The settlement of Southwest Montana is a story of mining - the excitement, the rush, the plundering, and the decline of chasing after gold and copper.
The first official U.S. visit to the territory was Lewis and Clark's 1805 expedition. In 1806, John Colter, a member of the expedition, struck out on his own, determined to make a fortune as a trapper and trader. When he returned to St. Louis four years later, he was a very rich man. Having likely been the first non-Native American to see what is now Yellowstone Park, he was also raving about boiling springs and smoke billowing from the ground. The people in St. Louis thought he was insane, but they were evidently willing to overlook insanity in the face of wealth. Companies (including John Jacob Astor's) and hundreds of freelancers lit out for the wilderness. These trappers brought back more than half a million beaver pelts annually for 30 years. By the 1840s, beavers were all but extinct in the Rockies and the Montana Territory was reliably to be found on the white man's maps.
For the next 20 years or so, people pretty much went through Montana on their way further west. But everything changed when prospectors struck gold in 1862, 1863 and 1864.
The last strike was at Last Chance Gulch in what is now Helena. This was a rich strike: in today's dollars, $3.6 billion in gold was mined from 1864-1884. To this day, the main drag of Helena's cute downtown is called Last Chance Gulch. (How great an address is 1200 Last Chance Gulch? North of downtown, it's the YMCA where I go to swim while we're here.)
Mines, railroads, ranches and lawlessness flourished in the Montana Territory from 1862 until nearly the turn of the century. But a brutal winter in 1887 dealt a harsh blow to ranchers and began the decline of the Old West. The U.S. Congress ended silver subsidies in 1893, which ruined the market and caused the collapse of silver mines throughout the Rockies. The same thing happened to the gold market in 1933.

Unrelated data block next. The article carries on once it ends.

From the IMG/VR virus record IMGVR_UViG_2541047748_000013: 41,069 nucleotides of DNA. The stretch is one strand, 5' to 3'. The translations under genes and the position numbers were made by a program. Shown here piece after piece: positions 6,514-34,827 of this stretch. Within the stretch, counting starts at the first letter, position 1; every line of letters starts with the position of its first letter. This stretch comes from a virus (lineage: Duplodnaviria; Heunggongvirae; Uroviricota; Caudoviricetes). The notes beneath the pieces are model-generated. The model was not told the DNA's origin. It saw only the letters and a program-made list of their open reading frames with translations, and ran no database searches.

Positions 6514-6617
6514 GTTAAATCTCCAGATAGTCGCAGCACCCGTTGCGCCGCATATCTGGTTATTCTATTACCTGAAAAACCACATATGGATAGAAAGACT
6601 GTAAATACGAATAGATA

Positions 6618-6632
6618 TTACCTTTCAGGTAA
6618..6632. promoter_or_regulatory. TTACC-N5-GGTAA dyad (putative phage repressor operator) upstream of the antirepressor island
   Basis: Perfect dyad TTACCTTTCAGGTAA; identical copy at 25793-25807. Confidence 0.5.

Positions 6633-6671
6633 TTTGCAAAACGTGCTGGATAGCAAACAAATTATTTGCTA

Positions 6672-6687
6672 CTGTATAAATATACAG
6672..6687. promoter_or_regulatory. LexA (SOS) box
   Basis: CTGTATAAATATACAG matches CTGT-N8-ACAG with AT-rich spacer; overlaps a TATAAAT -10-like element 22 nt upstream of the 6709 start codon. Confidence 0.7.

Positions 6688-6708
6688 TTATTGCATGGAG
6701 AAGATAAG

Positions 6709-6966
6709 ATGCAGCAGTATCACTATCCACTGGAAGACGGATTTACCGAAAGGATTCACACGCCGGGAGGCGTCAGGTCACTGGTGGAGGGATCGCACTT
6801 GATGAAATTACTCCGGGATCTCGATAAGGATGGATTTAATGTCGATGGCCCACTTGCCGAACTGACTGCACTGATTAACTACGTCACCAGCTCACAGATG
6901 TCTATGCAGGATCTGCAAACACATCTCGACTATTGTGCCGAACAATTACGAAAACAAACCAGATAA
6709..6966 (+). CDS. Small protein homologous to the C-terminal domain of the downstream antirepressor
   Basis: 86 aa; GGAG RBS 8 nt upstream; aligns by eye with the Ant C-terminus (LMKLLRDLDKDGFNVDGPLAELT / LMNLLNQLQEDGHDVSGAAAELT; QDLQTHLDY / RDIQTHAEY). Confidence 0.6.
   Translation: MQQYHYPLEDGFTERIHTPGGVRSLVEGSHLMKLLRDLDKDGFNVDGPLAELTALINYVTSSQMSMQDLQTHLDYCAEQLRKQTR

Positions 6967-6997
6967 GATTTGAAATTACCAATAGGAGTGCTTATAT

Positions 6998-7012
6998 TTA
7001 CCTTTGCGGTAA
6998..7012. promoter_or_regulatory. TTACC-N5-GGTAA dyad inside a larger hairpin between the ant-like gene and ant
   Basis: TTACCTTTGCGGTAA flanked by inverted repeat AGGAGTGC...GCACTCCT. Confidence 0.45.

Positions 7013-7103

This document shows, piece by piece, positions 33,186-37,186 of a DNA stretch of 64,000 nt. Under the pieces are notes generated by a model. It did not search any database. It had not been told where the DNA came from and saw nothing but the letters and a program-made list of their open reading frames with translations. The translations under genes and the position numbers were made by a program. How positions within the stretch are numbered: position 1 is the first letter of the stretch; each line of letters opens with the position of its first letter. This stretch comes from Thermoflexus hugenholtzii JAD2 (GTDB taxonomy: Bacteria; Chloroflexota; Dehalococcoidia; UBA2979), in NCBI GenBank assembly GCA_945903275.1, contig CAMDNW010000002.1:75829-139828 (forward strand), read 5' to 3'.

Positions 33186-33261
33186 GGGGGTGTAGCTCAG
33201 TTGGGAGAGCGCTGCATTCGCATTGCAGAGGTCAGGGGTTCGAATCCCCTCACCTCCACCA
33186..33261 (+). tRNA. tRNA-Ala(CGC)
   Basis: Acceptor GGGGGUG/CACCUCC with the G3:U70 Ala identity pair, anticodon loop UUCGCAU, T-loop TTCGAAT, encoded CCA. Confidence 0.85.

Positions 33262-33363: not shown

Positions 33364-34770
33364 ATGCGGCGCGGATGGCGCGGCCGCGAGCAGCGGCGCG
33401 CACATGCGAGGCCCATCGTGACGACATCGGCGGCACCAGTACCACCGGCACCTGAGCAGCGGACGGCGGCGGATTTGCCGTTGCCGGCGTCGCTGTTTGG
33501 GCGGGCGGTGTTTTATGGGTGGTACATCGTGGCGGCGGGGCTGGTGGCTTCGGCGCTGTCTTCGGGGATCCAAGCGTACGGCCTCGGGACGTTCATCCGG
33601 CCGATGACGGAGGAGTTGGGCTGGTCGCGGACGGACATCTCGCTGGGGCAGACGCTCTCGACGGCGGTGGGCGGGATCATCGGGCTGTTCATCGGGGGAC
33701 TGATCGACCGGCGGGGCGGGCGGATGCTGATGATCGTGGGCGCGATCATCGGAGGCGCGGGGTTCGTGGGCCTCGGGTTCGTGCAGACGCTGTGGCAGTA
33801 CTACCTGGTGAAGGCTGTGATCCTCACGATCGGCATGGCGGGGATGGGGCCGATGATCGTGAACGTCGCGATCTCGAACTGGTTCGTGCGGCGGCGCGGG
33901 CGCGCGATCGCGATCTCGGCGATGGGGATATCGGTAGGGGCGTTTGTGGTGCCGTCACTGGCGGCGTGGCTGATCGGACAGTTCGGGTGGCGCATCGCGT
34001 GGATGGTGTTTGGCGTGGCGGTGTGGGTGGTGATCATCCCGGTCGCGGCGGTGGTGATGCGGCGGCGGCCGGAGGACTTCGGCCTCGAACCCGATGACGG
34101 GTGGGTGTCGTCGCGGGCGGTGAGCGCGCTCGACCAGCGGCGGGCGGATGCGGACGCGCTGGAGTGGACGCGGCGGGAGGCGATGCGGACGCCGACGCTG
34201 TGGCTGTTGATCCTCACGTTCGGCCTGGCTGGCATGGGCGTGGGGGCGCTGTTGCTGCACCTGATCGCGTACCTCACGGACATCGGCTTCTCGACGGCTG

The story of copper mining continued into the 1970s, but it, too, ends badly - a rise and fall nowhere better illustrated than in Anaconda.
We visited Anaconda, a city of 10,000 people about 50 miles northwest of Butte, on one of our side trips from Helena. In the 1880s, the Butte area became the world's largest copper producer. Over 19 billion pounds of ore were unearthed by hard-rock miners over the following decades; the copper was then extracted by smelters and shipped all over the world.
Anaconda was founded in 1883 when legendary "copper king" Marcus Daly built a copper smelter and reduction works there as part of his ongoing battle for domination of the Butte-area copper industry. From 1892-1903, the Anaconda Copper Company was the largest copper mine in the world; over its lifetime, it produced $300 billion worth of the metal. In 1899, the company was merged into Rockefeller's Standard Oil Company, in a brazen sleight-of-financial-hand deal that made a few people exceedingly rich and led, among other things, to the eventual enactment of U.S. antitrust laws.
Anaconda Copper was shut down in 1980, a casualty of the decrease in worldwide demand for copper, decline in ore grades, and rising mining costs. (The takeover in 1971 by Socialist President Allende of Anaconda's huge Chuquicamata mine in Chile didn't help much either.)
All that remains of the operation now is the Anaconda Smelter Stack, one of the tallest freestanding brick structures in the world. At 585 feet, the stack is taller than the Washington Monument; it now looms sadly over the landscape from its position atop a hill next to what appears to be a slag heap. I'm not sure exactly what to make of the fact that this giant phallic symbol is the sole remnant of years of fabulous wealth, back-breaking work, financial chicanery, environmental devastation, and worldwide domination.
Befitting its wealth and status, Anaconda was once an opulent city. By 1898, it boasted mansions (small by East Coast and Midwestern standards, but grand indeed in the Old West), fancy churches, and other grandiose buildings, including the Hearst Free Library (George Hearst, William Randolph's father, was one of Daly's investors) and the Washoe Theater (978 seats, Art Deco, and rated by the Smithsonian as one of the most beautiful interiors in the United States). Like the Anaconda Smelter Stack, this all looks sad today, run-down and/or abandoned as it is.
On Highway 1, the road to and from Anaconda, you pass the towns of Wisdom and Opportunity. I wonder if the same person named both and, if so, whether he meant the two names to be taken optimistically (the southbound Wisdom, then Opportunity) or pessimistically (the northbound Wisdom after Opportunity).